HomeRoast Digest


Topic: What type of Heat Gun? (6 msgs / 145 lines)
1) From: Sharon Allsup
What brand and wattage of heat gun should be used for HB/DB roasting
of batches of 1/2 - 1 pound?  What size bowl, and are there any
particular things to look at in getting a bowl?
I was wondering if one of those specialty baking dishes would do for
this.  I've got a cake pan set meant to make spherical cakes:
basically it's 2 half-sphere molds, cost me all of about $5.  So there
is absolutely no problem with this not being food-safe or not handling
high temperatures.  If that'd work I'd be happy to give him the cake
pans.  (this isn't for me, but I got asked for recommendations since
my giveaway samples hooked him on homeroasting, and he is not
net-savvy and won't be checking out all the nice web pages on heatgun
roasting)
Thanks.
-Sharon

2) From: Sheila Quinn
About the cake pans... do they have fairly thick walls to hold the heat 
and will they stand firmly planted on a surface without having to hold 
them with anything? I use a dog bowl that has a rubber ring on the 
bottom. This holds it down w/o me having to hold it. (You need your 
hands free for holding the heat gun and stirring.) If it moves around at 
all, I don't think it would work well. Maybe there would even be a way 
to put something on the bottom of it to make it stay still... as long as 
it's something that can handle the heat, of course.
There are many brands of heat guns that work. I have a cheap one that 
works great for up to 1/2 pound roasts, but I wouldn't use it for 
anything more than that. There was a link posted here a while back that 
had a list of good heat guns. Maybe someone will post it again. You 
don't have to get one that is very expensive, though.
Sheila
Sharon Allsup wrote:
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3) From: scott miller
Sharon,
I'm sure there will be plenty of opinions and experience on what folks use
and what works for them. Here's mine:
A cheap Grizzly HG:http://tinyurl.com/yhgdcd at least once a week, I use
this thing and have for over a year. If it dies, I've received plenty of
service for the cost. I initially bought it for another project, so there
was no actual outlay of $ specifically for my HG/DB roasting. I also have a
more expensive Wagner HG, but I don't see where it improves the quality of
my roast.
For a bowl: a 4 quart bowl I found at K Mart for ~$5. 20 ounces green beans
are no problem in this size bowl. I wouldn't get to tied up in the idea that
one bowl will work & another won't as long as the bowl is wide enough to
allow you to stir the beans. Some folks use the type of dog bowl that has a
stabilizing lip:http://tinyurl.com/ymr57aThat may retain some heat around the bowl.
If it's really windy or cool out when I'm roasting, I set my mixing bowl on
a small hot plate at a very low temperature.
The HG/DB method is still the most fun for me... unless I need to roast a
lot of beans.
cheers,
Scott
On 11/22/06, Sharon Allsup  wrote:
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4) From: Justin Marquez
On 11/22/06, Sharon Allsup  wrote:
<Snip>
Hi, Sharon!
I use a 1200 watt  Wagner bought at the hardware store for $30.  As to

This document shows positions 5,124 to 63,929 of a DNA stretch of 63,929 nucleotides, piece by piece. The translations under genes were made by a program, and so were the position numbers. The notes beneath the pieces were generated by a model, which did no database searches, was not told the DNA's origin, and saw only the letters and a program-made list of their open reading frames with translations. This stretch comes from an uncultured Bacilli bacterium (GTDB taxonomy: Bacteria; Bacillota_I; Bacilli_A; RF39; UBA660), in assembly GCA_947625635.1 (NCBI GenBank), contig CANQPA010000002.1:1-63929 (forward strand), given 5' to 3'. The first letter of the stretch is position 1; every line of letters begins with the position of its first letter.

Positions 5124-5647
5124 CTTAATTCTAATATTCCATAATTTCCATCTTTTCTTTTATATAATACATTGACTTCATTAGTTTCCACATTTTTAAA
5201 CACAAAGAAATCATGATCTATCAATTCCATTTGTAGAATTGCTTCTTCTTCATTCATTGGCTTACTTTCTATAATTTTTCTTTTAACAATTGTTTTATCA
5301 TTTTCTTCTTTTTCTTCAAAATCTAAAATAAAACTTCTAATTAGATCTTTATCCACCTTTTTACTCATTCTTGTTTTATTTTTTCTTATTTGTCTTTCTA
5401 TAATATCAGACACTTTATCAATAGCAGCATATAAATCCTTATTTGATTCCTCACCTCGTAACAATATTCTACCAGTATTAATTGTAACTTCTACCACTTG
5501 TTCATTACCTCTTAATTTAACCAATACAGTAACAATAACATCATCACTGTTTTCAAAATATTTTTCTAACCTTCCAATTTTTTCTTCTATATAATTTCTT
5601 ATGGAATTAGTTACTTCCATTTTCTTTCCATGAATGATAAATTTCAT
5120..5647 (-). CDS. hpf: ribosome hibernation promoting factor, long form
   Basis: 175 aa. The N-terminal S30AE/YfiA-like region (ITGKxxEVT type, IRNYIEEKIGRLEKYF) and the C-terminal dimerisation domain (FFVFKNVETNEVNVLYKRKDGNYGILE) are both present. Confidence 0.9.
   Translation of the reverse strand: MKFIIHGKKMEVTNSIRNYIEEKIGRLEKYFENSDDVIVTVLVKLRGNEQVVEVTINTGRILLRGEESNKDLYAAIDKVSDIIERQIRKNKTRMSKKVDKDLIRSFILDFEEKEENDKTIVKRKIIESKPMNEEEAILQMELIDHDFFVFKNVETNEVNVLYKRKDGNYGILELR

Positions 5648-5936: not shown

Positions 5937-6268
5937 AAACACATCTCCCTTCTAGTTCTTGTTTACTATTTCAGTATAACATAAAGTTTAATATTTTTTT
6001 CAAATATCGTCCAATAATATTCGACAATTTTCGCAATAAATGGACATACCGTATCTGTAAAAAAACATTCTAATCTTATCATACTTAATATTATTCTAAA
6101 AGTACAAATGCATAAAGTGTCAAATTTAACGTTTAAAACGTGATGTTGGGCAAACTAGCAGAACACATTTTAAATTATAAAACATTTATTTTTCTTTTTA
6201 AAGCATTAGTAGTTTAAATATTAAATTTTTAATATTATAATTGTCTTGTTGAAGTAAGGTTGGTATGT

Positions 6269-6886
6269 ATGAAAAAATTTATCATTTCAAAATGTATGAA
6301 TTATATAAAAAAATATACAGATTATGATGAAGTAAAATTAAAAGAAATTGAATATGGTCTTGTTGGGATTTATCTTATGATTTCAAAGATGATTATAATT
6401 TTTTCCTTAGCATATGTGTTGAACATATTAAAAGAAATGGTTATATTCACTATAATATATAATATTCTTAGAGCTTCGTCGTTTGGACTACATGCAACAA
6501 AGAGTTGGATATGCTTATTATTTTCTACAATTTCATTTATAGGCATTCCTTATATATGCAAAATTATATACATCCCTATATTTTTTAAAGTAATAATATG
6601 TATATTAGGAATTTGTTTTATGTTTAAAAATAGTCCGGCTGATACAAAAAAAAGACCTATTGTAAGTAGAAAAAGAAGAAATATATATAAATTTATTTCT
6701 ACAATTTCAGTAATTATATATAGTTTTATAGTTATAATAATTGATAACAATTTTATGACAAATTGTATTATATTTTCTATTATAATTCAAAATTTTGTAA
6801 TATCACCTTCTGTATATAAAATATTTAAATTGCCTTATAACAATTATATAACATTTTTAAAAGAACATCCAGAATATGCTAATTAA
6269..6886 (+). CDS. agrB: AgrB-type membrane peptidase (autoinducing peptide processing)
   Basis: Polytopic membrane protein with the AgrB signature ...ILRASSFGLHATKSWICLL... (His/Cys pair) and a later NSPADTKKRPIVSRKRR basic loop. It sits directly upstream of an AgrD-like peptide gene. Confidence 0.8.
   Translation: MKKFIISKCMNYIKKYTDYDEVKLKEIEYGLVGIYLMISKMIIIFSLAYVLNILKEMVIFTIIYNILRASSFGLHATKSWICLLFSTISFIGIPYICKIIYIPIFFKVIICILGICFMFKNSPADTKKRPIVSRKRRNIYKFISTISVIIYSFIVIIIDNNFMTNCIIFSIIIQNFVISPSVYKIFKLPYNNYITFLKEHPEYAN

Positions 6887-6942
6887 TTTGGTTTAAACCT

bowl size - I use a wire mesh strainer about 8" in diameter (from
Walmart) with a handle and two little "ears" or tabs that allow it to
sit in a stainless steel salad bowl all by itself, freeing me up to
hold the HG in one hand and a wooden spoon in another.  My usual batch
size for that setup is about a half pound (1.5 cup measured of green
beans mostly)
That normally takes about 10-12 minutes to roast most regular beans to
all the way thru first crack. Decaf is a little shorter.
Safe Journeys and Sweet Music
Justin Marquez (CYPRESS, TX)

5) From: Brian Kamnetz
Sharon,
I use a Master Appliance HG751B heat gun, 14.5 amp, 1740 watts. It produces
a lot of BTUs, but it's heavy, nearly 4 pounds. I have suspended the
heat gun from a campfire tripod, but got that done only yesterday and
haven't roasted that way yet. I roast in a stainless steel mesh sieve, about
9 inches across, that fits very nicely into a stainless steel mixing bowl,
both from Target for cheak. I have no problems roasting a pound at a time,
though I usually roast only a half pound, which is how much coffee I use in
a week.
Brian
On 11/22/06, Sharon Allsup  wrote:
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6) From: raymanowen
As Scott says, "The HG/DB method is still the most fun for me... unless I
need to roast a lot of beans."
The same is true for me, and if I need to roast a lot of beans- it's all th=
e
more fun.
The Wagner HT1000 [with 2 Year Warranty!] replaced the Blue Fire Special
[Glorious Orange with switch!]
Both of the heat guns worked great for roasting coffee in a stainless steel
vessel- my Celtic Critic's Kitchen Aid mixer bowl- cheaker than Target
pieces over 30 years.
If you use the RK Drum, it weighs 7 pounds by itself, plus beans. The 4
pound Master HG is a weight bargain. Waving the HG with one hand while
stirring with the other is a problem that can be solved by studying cell
phone users while they navigate traffic and execute lane changes...
Anything is possible if your head is bowed in deep prayer with your eyes
closed.
Cheers -RayO, aka Opa!
Got Grinder?


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